It has to be TIPS* (rather than “nominal” bonds, which are not adjusted for inflation), because we want a certain amount of purchasing power at some point in the future, rather than a certain dollar amount.

And it must be individual TIPS, rather than a TIPS fund.** And that’s because the only way to have a certain amount of known spending power at some specific date in the future is to hold the TIPS to maturity. With a typical bond fund, the fund is constantly buying new bonds. (It must. Otherwise it would eventually hold nothing but cash as the bonds matured.) And as a result, whenever you sell shares of a bond fund, you’re effectively selling bonds prior to maturity. And so, at the time you buy the fund, you don’t know what it will be worth when you eventually sell it. (For example, if I knew that I wanted to have $10,000 of spending power 10 years from now, a TIPS fund doesn’t achieve that goal for me, because I don’t know what the fund will be worth 10 years from now.)

*I Bonds also work, though they have two major limitations in that they cannot be purchased inside retirement accounts and you’re limited to $10,000 per purchaser per year.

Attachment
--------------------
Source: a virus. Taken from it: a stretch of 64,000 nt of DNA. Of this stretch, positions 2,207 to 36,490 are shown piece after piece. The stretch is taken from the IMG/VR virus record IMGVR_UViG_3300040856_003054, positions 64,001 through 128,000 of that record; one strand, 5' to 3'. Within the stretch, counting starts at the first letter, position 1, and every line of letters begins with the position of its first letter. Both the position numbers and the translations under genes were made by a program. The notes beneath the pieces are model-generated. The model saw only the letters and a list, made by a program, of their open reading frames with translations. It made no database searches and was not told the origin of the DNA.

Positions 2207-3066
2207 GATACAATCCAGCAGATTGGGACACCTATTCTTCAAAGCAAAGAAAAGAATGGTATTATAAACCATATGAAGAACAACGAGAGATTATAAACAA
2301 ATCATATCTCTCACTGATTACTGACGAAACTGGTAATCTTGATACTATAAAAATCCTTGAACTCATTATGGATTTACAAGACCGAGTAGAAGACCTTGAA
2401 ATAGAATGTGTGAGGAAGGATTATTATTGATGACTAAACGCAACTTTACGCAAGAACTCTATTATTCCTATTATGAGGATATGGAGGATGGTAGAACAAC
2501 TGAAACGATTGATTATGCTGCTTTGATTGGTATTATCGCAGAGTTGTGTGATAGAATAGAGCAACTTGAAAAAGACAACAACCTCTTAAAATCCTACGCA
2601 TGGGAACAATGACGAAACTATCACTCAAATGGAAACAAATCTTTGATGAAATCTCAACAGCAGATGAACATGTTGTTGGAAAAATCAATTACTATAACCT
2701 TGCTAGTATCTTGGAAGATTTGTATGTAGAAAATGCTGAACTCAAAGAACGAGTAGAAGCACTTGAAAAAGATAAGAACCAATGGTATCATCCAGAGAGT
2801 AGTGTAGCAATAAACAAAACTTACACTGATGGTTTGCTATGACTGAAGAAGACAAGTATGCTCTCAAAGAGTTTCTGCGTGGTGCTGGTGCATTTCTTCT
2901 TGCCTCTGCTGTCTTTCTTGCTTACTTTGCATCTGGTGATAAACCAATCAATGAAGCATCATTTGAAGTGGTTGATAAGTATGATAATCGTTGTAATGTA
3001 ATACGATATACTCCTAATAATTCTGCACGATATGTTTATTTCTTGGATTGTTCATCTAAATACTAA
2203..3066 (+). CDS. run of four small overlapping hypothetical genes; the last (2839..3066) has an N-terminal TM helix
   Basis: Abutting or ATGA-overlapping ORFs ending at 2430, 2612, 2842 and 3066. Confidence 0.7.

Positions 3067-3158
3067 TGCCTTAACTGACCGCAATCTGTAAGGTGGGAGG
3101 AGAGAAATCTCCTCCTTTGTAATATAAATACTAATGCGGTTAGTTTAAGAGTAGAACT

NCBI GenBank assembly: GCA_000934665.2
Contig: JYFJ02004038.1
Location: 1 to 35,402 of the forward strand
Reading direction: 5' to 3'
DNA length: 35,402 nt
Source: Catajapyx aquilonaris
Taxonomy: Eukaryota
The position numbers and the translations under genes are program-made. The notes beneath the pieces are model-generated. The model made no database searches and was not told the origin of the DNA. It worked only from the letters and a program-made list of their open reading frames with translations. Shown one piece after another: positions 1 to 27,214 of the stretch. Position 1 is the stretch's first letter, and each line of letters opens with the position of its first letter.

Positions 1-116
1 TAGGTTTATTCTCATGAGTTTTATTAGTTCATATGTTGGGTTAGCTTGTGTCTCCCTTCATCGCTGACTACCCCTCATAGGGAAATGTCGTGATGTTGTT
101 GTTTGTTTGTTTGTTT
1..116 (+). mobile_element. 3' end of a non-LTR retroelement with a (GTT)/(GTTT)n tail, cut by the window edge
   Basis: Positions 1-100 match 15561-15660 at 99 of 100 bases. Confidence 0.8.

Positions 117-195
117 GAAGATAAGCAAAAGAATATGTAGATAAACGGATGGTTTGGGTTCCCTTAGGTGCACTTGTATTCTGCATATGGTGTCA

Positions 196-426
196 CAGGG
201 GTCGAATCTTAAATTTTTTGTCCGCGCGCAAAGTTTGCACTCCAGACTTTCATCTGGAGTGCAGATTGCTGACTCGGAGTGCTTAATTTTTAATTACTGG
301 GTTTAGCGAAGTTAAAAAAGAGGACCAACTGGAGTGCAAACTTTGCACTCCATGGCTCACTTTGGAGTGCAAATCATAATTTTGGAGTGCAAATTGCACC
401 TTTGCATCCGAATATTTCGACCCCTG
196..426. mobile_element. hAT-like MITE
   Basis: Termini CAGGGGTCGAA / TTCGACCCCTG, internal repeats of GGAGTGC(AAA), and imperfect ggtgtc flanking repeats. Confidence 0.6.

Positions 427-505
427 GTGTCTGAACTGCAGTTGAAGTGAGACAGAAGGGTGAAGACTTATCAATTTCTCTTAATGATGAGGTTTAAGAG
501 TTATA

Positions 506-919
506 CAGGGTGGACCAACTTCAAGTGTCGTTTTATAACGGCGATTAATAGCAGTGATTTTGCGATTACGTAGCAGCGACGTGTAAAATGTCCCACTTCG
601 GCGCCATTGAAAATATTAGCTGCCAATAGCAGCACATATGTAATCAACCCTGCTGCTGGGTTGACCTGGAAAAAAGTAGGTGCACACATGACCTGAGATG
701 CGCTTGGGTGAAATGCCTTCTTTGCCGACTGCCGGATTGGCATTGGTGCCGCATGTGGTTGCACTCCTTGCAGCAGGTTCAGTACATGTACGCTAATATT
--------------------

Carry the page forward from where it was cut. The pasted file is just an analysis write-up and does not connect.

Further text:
**One exception: BlackRock does offer ETFs that hold TIPS to maturity. For example, iShares iBonds Oct 2028 Term TIPS ETF (IBIE) owns nothing other than TIPS maturing in 2028. And the ETF will hold those TIPS until they mature, and then the fund will liquidate, distributing cash to shareholders. So it works very similarly to just buying 2028 TIPS on your own and holding to maturity.

Investing Blog Roundup: When to “Wing It” With Financial Decisions

Aside from the technical discussions here on the blog (e.g., how various tax or Social Security rules work), there are a handful of messages that I try to deliver pretty regularly. One of those is that there’s a lot more to financial planning than just investing. Fortunately, most financial planning decisions don’t require any sort of complicated, in-depth analysis.

In a recent article, Harry Sit gave some guidance on which financial decisions really merit a careful decision process — and when it’s fine to “wing it.”

Other Recommended Reading

Thanks for reading!

Risk and Return Are Interchangeable

Today I want to talk about one of the investing lessons that took me the longest to learn and really internalize. And, when talking with clients and corresponding with blog readers, it’s clear that this topic is one of the biggest gaps in many people’s investment knowledge.

Anybody who has been studying investing for any period of time is aware of the relationship between risk and return: safer investments tend to offer lower returns. Cash typically earns lower returns than bonds. Bonds typically earn lower returns than stocks. Safer bonds typically earn lower returns than riskier bonds. And so on.